Lack of new antibiotics under devp worries health experts

ST Correspondent
Sunday, 24 September 2017

Pune: In a recent report, ‘Antibacterial agents in clinical development’ published by World Health Organisation (WHO), it was found that there is a serious lack of new antibiotics that are under development, to combat the growing threat of antimicrobial resistance. The antibiotic-resistant infections identified by WHO are posing a great threat to health, including drug-resistant tuberculosis (TB), which kills 2.5 lakh people each year.

The report said most of the drugs in the clinical pipeline are modifications of existing classes of antibiotics and are only short-term solutions.

Pune: In a recent report, ‘Antibacterial agents in clinical development’ published by World Health Organisation (WHO), it was found that there is a serious lack of new antibiotics that are under development, to combat the growing threat of antimicrobial resistance. The antibiotic-resistant infections identified by WHO are posing a great threat to health, including drug-resistant tuberculosis (TB), which kills 2.5 lakh people each year.

The report said most of the drugs in the clinical pipeline are modifications of existing classes of antibiotics and are only short-term solutions.

Dr Tedros Adhanom Ghebreyesus, Director-General of WHO said  antimicrobial resistance is a global health emergency that will seriously jeopardize progress in modern medicine.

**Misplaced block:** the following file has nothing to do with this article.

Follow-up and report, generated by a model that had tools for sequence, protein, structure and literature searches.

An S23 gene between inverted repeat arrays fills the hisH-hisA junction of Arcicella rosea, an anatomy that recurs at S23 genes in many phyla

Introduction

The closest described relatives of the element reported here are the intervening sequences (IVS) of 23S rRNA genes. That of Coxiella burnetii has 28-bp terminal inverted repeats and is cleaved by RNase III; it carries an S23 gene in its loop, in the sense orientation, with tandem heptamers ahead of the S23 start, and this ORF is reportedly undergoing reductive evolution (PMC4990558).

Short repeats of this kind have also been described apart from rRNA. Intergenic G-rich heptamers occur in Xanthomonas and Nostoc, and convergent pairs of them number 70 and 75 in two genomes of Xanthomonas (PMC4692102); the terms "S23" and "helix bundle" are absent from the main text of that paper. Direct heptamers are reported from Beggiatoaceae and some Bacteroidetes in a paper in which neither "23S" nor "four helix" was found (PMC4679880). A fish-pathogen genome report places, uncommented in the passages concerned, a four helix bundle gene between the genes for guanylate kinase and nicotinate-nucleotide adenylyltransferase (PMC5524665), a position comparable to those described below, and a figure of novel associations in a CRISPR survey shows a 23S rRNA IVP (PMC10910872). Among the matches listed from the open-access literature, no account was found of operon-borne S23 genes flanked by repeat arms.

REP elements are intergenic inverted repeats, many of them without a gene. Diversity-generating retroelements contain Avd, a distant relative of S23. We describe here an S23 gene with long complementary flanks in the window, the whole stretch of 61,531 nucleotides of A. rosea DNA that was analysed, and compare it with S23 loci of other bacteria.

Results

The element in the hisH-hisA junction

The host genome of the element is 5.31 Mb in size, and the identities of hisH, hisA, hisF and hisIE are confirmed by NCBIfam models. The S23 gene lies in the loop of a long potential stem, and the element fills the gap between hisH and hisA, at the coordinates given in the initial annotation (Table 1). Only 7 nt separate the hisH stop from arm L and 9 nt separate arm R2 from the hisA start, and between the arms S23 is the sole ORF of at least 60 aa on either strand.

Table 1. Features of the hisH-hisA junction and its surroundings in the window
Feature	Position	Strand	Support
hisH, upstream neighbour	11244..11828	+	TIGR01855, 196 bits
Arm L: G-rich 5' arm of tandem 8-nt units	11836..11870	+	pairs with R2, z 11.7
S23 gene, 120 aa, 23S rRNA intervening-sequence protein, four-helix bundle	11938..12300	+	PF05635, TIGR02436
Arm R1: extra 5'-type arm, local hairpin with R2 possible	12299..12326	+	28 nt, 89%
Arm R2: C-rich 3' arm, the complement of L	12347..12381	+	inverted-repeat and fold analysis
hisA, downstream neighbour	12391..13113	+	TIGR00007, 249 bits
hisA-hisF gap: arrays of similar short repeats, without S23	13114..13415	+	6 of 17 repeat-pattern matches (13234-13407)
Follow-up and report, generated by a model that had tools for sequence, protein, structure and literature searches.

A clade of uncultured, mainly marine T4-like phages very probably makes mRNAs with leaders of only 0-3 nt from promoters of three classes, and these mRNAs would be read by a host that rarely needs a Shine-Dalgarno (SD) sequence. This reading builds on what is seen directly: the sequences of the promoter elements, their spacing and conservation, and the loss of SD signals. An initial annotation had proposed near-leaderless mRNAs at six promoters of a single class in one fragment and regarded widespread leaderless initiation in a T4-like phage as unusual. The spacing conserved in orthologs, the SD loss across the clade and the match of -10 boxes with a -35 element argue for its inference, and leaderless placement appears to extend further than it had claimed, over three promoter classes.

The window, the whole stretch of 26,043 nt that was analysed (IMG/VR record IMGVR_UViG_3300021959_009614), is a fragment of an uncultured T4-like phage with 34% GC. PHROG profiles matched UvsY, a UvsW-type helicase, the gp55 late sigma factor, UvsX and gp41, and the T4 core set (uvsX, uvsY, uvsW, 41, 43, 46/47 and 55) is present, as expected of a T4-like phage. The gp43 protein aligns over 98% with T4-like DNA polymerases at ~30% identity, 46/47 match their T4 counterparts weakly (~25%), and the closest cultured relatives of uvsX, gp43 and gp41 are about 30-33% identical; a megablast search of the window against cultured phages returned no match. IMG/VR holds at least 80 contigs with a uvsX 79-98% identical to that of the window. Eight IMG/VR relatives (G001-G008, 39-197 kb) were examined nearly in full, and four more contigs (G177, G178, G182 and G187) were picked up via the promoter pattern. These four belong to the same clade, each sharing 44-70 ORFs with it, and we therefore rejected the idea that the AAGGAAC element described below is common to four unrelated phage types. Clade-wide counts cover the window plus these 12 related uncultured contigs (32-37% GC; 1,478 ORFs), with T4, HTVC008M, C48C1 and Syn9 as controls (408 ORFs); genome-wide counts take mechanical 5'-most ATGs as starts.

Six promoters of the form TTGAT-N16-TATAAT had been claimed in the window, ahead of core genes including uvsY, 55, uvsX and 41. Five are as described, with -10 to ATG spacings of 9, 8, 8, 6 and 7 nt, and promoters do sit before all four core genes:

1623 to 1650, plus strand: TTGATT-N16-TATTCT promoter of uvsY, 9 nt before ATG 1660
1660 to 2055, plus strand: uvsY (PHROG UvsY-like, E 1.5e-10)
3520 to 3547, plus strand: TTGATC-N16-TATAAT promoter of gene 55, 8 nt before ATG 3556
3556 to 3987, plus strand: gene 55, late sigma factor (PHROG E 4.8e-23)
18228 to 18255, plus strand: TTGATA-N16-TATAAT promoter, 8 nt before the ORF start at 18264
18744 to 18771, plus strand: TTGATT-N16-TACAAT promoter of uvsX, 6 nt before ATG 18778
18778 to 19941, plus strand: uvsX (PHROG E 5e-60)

“There is an urgent need for more investment in research and development for antibiotic-resistant infections including TB, otherwise, we will be forced back to a time when people feared common infections and risked their lives from minor surgery,” said Dr Ghebreyesus. In addition to multidrug-resistant tuberculosis, WHO has identified 12 classes of priority pathogens - some of them causing common infections such as pneumonia or urinary tract infections - that are increasingly resistant to existing antibiotics and urgently in need of new treatments.

Dr Suzanne Hill, Director of the Department of Essential Medicines at WHO said pharmaceutical companies and researchers must urgently focus on new antibiotics against extremely serious infections that can kill patients in a matter of days.

Dr Mario Raviglione, Director of the WHO Global Tuberculosis Programme said, “Research for tuberculosis is seriously underfunded, with only two new antibiotics for treatment of drug-resistant tuberculosis having reached the market in over 70 years. If we are to end tuberculosis, more than 800  million dollars per year is urgently needed to fund research for new medicines.”

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